The boy should have known something was wrong the moment he glanced back over his shoulder, but he was too tired and wary and afraid to register the truth. He followed the sound of the keening pipe. Its unfamiliar melody, absurdly cheerful, jarred him from the carnage. It filtered through the pores of his skin and infused him with the strength and warmth he needed to run through the icy clutches of winter.
The forest muffled the sounds within and beyond it as if the trees themselves swallowed noise—all but the tune of the unseen piper. Time stood still, cradled between the labyrinth of jutting roots and a cotton-cloud sky that was falling apart. Tufts of snow floated down through naked branches as if massive pillowcases had exploded during a massive pillow fight between massive gods who did not care that far below them the falling snow sizzled against flames that devoured a village.
Run, his mother had rasped, pushing him through the back door of their home, the door that led to the chickens and pigs, and he’d run until he’d fallen, slipping in the snow and in the refuse of the squealing animals, his vision fractured by his tears. He turned back then, ashamed to have run, ashamed to have left her, even though she no longer quite looked like his mother.
Once she’d been beautiful—the belle of the village, people said. Then the red blotches appeared, lesions that began on her arms and spread across her chest and throat, an army of ants beneath her skin that disfigured her face and body. She did not cry out when she cut a finger or burnt her hands in the kitchen. Her once-lush hair fell from her scalp like shorn wheat, littering the floor in clumps. Yet her eyes were always his mother’s eyes, calm and blue and cool like a damp cloth against a fevered brow, radiating such love that he felt she embraced him even when she avoided touching him. She was all he had left, the only person who cared enough to weep and caress his face when lesions spread across his own back and grew thick like the pedicles of a second spine.
When he crept back into the house, keeping to the shadows, the boy found nothing left of his mother but a dark stain on the floorboards that streaked from the kitchen to the bedroom. A man appeared in that doorway, his body and face sheathed in fabrics and spells that would not let the infection touch him, gripping a sword that wept red tears from its edge. The boy hid until the man turned away, and then sprinted back out into the night. He ran through the streets, dodging the hooves of horses and the torched firewood that the yelling soldiers threw his way.
He fell only once, when something sharp hit his head.
It seemed he opened his eyes mere seconds later. Snow filled his nostrils until he raised his head; once he did, the scent of smoke engulfed him. The crackle of the fires was nearly drowned by screams that would not end. He scrambled to his feet, the snow beneath him stained crimson as if with wine, and stumbled away from the slaughter and toward the trees.
And so now he ran, torn by despair and fear, amazed that his matchstick legs could outrun the sinewy limbs of the armored horses and the fiery wrath of their riders’ flamethrowers. He wished he could have found—could have lifted—the ax that had been his father’s, with its handle longer than his arm, and swung it into the chest of anyone who dared approach his mother. He wished he had not left her when she pushed him out of their home. He wished he had not seen her blood upon the floor. He wished someone would have come to their village to cure instead of to eradicate.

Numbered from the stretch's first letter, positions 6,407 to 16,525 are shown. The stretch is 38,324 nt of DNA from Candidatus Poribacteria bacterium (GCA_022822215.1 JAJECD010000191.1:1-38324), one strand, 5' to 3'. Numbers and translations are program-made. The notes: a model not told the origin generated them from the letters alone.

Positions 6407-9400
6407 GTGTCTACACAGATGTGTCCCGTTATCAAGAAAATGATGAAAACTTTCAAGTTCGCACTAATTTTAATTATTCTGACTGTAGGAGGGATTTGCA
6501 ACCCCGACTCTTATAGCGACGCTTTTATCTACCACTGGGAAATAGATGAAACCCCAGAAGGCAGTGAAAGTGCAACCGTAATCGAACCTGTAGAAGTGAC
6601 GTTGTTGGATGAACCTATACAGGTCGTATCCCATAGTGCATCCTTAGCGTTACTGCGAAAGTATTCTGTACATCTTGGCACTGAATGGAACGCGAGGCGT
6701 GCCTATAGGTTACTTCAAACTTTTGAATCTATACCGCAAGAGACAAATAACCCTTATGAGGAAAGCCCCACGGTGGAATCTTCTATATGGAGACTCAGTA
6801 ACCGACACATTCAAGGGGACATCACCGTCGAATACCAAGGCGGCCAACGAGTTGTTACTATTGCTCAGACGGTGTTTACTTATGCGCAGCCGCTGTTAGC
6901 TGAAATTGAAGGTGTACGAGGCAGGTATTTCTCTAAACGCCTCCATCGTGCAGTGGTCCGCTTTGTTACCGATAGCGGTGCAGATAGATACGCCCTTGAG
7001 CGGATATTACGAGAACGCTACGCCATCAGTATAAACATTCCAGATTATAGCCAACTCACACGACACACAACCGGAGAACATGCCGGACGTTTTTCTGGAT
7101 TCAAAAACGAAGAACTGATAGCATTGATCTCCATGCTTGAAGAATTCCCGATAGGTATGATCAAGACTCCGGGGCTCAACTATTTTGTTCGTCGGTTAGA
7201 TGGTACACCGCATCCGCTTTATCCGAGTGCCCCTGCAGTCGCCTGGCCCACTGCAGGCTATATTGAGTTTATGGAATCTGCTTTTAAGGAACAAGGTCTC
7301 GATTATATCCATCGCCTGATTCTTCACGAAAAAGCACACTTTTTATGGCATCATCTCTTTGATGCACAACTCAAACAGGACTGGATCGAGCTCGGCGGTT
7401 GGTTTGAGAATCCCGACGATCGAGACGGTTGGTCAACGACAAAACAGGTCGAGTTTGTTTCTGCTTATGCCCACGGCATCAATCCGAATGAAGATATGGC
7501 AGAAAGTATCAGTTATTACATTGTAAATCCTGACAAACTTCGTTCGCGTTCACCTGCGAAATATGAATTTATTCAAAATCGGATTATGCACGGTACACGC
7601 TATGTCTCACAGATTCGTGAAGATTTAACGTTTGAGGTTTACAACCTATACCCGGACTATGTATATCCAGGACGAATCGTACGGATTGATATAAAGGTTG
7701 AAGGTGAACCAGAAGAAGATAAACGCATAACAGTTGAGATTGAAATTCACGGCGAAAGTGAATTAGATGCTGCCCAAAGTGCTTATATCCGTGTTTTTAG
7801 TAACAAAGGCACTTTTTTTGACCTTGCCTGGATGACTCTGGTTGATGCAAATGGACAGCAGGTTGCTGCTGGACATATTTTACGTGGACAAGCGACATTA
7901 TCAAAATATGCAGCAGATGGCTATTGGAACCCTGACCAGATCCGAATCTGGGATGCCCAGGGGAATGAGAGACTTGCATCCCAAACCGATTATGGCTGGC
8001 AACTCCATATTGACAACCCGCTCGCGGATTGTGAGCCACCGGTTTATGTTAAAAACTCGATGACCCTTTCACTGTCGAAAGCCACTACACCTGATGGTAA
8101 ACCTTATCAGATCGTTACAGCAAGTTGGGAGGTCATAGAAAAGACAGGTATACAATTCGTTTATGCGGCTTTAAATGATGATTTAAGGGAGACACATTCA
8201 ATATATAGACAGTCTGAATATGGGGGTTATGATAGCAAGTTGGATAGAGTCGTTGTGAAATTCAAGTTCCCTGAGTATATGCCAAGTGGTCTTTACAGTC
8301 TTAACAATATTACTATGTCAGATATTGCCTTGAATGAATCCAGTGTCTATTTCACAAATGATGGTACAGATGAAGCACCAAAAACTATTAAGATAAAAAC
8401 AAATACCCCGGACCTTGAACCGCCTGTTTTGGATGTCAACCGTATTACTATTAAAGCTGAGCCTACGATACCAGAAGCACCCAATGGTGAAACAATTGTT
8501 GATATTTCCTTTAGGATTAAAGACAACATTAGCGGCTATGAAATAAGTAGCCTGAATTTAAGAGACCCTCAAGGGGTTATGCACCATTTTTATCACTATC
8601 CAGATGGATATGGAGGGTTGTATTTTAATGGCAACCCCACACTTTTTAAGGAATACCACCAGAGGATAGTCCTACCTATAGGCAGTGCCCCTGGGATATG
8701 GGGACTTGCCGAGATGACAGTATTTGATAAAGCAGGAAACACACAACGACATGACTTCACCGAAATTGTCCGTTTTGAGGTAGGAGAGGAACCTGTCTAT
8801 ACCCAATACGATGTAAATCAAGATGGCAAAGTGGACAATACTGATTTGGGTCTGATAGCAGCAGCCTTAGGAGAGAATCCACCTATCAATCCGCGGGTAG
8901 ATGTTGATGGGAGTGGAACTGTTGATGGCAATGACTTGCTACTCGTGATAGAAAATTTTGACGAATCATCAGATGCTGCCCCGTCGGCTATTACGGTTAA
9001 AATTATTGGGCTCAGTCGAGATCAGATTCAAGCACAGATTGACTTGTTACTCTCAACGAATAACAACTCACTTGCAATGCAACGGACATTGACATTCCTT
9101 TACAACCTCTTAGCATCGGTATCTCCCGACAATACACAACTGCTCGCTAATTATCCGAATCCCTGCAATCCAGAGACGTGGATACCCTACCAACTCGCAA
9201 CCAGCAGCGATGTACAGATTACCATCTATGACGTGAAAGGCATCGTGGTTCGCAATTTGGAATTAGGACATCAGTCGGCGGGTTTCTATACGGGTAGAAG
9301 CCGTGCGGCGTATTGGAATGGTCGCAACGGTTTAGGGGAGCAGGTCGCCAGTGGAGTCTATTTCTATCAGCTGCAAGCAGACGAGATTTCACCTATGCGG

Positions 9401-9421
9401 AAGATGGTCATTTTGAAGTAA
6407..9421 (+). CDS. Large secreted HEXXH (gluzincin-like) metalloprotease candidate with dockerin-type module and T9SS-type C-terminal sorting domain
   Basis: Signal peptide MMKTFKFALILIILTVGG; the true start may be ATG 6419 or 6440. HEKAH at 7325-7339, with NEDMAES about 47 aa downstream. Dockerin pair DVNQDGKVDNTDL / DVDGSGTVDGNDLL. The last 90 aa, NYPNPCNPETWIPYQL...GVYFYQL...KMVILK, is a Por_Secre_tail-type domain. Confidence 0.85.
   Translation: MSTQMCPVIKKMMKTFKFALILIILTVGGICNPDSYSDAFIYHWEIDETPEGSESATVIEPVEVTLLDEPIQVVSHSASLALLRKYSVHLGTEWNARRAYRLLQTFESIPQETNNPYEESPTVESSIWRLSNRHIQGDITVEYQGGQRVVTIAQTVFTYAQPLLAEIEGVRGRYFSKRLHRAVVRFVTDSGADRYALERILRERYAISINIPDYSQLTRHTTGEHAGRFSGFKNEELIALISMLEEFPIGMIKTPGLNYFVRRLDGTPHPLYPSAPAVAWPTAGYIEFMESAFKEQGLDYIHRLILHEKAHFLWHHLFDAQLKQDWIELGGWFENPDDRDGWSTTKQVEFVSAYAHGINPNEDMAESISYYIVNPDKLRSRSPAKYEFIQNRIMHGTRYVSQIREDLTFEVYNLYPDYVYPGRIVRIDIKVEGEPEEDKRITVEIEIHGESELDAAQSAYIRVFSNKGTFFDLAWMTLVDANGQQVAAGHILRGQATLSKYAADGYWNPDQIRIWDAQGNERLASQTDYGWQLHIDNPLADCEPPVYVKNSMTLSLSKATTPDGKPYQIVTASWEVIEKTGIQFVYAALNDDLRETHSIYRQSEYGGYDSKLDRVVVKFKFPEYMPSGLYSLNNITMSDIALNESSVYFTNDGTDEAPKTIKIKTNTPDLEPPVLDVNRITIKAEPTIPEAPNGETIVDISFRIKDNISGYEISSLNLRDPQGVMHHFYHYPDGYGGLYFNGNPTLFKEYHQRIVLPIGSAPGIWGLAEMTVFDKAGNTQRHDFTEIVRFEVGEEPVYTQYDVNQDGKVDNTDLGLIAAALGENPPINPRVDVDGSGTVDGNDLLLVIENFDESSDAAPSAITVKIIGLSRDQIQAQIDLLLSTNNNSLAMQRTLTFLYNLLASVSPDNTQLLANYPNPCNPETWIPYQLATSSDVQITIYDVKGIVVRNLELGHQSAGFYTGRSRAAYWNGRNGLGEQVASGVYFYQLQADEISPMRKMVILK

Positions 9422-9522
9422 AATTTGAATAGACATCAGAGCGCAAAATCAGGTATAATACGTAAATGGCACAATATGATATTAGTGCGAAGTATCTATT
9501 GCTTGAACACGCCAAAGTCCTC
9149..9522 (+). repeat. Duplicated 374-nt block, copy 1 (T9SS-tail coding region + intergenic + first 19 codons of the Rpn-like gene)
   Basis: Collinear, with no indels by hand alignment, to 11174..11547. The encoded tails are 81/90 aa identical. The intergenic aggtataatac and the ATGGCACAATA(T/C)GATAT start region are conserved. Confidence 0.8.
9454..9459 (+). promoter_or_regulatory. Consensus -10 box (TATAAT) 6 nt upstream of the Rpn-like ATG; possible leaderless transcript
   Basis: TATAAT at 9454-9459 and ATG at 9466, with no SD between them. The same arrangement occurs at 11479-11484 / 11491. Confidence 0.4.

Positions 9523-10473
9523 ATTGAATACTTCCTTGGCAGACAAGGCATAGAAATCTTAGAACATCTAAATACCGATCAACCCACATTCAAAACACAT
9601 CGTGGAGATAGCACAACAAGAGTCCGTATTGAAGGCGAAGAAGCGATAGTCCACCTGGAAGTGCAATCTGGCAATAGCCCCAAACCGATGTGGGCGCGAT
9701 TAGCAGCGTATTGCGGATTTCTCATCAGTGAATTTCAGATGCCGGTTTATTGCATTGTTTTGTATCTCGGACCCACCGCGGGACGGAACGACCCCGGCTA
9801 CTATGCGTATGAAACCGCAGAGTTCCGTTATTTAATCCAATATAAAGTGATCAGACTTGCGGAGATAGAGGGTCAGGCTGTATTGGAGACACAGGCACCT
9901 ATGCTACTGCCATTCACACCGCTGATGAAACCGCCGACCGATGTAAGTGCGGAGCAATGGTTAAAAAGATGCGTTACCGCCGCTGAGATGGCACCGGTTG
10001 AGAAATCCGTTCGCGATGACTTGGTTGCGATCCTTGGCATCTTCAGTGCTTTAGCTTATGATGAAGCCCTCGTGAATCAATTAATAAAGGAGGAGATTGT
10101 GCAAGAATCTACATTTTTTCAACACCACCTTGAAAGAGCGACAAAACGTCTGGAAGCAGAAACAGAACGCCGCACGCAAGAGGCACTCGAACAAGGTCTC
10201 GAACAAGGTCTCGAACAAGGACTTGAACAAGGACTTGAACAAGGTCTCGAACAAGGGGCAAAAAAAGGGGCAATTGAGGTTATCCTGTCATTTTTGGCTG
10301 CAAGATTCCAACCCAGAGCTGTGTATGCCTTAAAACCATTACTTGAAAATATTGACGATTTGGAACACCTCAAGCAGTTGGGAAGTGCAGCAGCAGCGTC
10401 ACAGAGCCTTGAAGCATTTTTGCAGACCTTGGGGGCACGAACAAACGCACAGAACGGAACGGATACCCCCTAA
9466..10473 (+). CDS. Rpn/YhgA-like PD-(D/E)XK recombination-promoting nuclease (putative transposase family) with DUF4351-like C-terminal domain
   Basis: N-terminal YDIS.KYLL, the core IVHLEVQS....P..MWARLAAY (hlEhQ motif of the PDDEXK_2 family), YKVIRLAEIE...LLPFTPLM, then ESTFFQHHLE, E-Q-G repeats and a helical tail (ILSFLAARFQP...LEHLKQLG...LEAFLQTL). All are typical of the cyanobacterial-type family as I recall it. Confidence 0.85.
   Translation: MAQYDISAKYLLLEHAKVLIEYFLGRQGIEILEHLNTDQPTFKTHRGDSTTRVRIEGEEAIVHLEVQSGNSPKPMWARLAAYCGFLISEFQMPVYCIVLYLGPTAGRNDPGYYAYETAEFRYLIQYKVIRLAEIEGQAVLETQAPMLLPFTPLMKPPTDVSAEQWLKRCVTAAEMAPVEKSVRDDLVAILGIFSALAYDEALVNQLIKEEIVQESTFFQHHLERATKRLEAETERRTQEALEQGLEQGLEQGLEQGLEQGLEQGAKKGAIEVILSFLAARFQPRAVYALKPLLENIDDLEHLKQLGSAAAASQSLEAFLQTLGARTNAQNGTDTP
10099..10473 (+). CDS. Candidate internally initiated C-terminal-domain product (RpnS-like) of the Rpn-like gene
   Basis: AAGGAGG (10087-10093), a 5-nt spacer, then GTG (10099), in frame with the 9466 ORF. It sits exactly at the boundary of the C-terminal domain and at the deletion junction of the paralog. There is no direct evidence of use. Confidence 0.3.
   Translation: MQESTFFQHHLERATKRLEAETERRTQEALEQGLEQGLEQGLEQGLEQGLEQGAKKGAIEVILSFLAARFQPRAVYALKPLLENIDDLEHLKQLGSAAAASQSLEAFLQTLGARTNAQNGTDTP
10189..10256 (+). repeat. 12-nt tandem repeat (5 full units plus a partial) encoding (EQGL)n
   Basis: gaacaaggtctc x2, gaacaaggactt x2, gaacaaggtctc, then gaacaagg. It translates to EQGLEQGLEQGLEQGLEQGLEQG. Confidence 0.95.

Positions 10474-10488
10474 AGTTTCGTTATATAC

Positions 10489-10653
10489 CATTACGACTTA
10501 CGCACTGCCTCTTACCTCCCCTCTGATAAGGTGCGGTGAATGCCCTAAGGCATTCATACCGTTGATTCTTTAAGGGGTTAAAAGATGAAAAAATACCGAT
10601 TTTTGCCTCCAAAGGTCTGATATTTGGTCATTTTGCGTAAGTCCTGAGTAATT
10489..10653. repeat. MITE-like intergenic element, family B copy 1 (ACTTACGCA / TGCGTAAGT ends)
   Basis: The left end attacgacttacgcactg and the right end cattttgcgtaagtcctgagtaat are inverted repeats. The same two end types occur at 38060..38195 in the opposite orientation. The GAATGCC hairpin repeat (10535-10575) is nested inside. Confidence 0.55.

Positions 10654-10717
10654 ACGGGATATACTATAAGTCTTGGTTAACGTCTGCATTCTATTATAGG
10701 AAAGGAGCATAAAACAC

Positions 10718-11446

The forest echoed with the shrieks of women who fought and pled and bled as gloved soldiers dragged them through the streets and pushed them into burning homes, of men as their hands—along with the pitchforks or knives they held in them—were severed by swords whetted on the bones of prior villagers, of children who collapsed when those who chased them flung torches at their backs. And above all this, the haunting croon of a pipe, promising all that a hurt little boy could desire, and so to that piping this little boy fled.
The more he ran, the stronger he felt. When he could no longer hear the screams and the flames, the boy realized what the song said, even though there were no words. It spoke of melted snows and rays of sun that embraced all whom they touched like warm knit sweaters. It spoke of a father who opened his eyes as color filled his cheeks and laughter spilled from his mouth. It spoke of a mother whose skin was smooth and soft and smelled of vanilla and kneaded bread. It spoke of brothers and sisters who danced and teased and loved and lived, who picked him up when he scarred his knees and told him stories when he could not sleep. It spoke of a world where bad things couldn’t come, where he could be free to grow old and weathered and well-loved like the most kindly of grandfathers.
The boy ran faster, fast enough that it felt like he flew, anxious to get to the world the song spoke of. He even began to catch glimpses of the piper through the trees. Though he scampered and danced as he played his pipe, he appeared sometimes before, sometimes behind, and sometimes beside the boy. He wore a black hooded cloak that hid his face. Beneath it his clothes were pied, a patchwork of vibrant color impossible to miss whenever the wind whipped back the cloak. His pipe and fingers were white, of bone.
And just like the boy, he left no footprints in the snow.